multiple-dwelling building in which a
corporation owns the building and the residents
own shares in the corporation
Future Interests
The interest that a grantor retains for himself or
herself or a third party
 Reversion: Right of possession returns to the
grantor after the expiration of a limited or
contingent estate
 Remainder: ownership goes to a third party
upon the expiration of a limited or contingent
estate ("remainderman")
 Remainder: can be “vested” (after life estate) or
“contingent” (subject to event of defeasance)
Transfer of Ownership of Real Property
Title to real property can be transferred by:
 Sale (conveyance): The passing of title from a
seller to a buyer for a price
 Deed: The written instrument that conveys an
ownership interest in real property
• Grantor: The party who transfers an
ownership interest in real property
• Grantee: The party to whom an interest in
real property is transferred
Transfer of Ownership of Real Property
Types of deeds:
 General Warranty deed: A deed that protects
a grantee of real property from defects in title
caused by the grantor and prior owners of
the property
 Quitclaim deed: A deed in which the grantor
of real property transfers whatever interest
he has in the property to the grantee
Transfer of Ownership of Real Property
 Recording statutes: A state statute that
requires a mortgage or deed of trust to be
recorded in the county recorder’s office of the
county in which the real property is located
 Quiet title action: An action brought by a party,
seeking an order of the court declaring who has
title to disputed property
Transfer of Ownership of Real Property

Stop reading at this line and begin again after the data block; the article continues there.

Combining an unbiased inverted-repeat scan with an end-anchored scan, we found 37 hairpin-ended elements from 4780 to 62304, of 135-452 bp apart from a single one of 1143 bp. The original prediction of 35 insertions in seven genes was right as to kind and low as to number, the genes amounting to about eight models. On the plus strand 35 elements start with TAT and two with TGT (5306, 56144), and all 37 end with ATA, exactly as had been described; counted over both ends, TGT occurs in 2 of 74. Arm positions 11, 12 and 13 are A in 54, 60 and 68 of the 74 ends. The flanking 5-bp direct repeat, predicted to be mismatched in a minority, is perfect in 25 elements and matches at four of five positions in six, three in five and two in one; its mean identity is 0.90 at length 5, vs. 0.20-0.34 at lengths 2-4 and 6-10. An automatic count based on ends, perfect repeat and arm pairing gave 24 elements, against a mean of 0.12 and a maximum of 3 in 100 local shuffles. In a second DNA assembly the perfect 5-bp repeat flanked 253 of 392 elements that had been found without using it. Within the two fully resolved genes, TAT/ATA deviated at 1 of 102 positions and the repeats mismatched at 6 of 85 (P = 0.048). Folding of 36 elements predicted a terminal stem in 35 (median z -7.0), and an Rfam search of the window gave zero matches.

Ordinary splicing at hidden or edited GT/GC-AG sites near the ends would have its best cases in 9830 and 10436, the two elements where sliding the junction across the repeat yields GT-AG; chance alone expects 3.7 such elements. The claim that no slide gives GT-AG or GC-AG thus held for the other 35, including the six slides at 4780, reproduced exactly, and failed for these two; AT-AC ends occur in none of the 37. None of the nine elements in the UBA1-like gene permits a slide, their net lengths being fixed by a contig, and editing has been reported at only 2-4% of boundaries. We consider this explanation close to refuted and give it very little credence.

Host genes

 Marketable title: Title to real property that is
free from any encumbrances or other defects
that are not disclosed but would affect the value
of the property
• Title insurance: A form of insurance
obtained from a title insurer who agrees to
reimburse the insured for losses caused by
undiscovered defects in title
• Attorney’s opinion
Transfer of Ownership of Real Property
 by gift or inheritance
 realty transfer tax (usually about 4%, split
between buyer and seller)
 based on sale price or fair market value
Adverse Possession
 Person can obtain title to another's property if
certain statutory requirements are met:
• Prescribed time period (e.g., 10 to 20 years)
• Open, visible, and notorious
• Continuous and peaceful: actual possession
• Hostile & adverse (contrary to rights of owner)
 can count possession by a prior owner
 Adverse possessor can get title from court in
legal action to quiet title
Easements and Nonpossessory Interests
 Nonpossessory interest: person holds an interest
in another person’s property without actually
having title to any part of the property
Easements and Nonpossessory Interests
Easement: Right of limited use (e.g., walking or
driving crossing) of someone else’s land.
 Easement appurtenant: Owner of one property
is given an easement over an adjacent property
• Servient estate: The land over which an
easement is granted
• Dominant estate: The land that benefits from
the easement
Easements and Nonpossessory Interests
 Easement in gross: Authorizes a person who
does not own adjacent land to use land (e.g.,
walk or drive across)
 License: A document that grants a person the
right to enter upon another’s property for a
specified and usually short period of time
 Profit-à-Prendre: A document that grants a
person the right to remove something from
another’s real property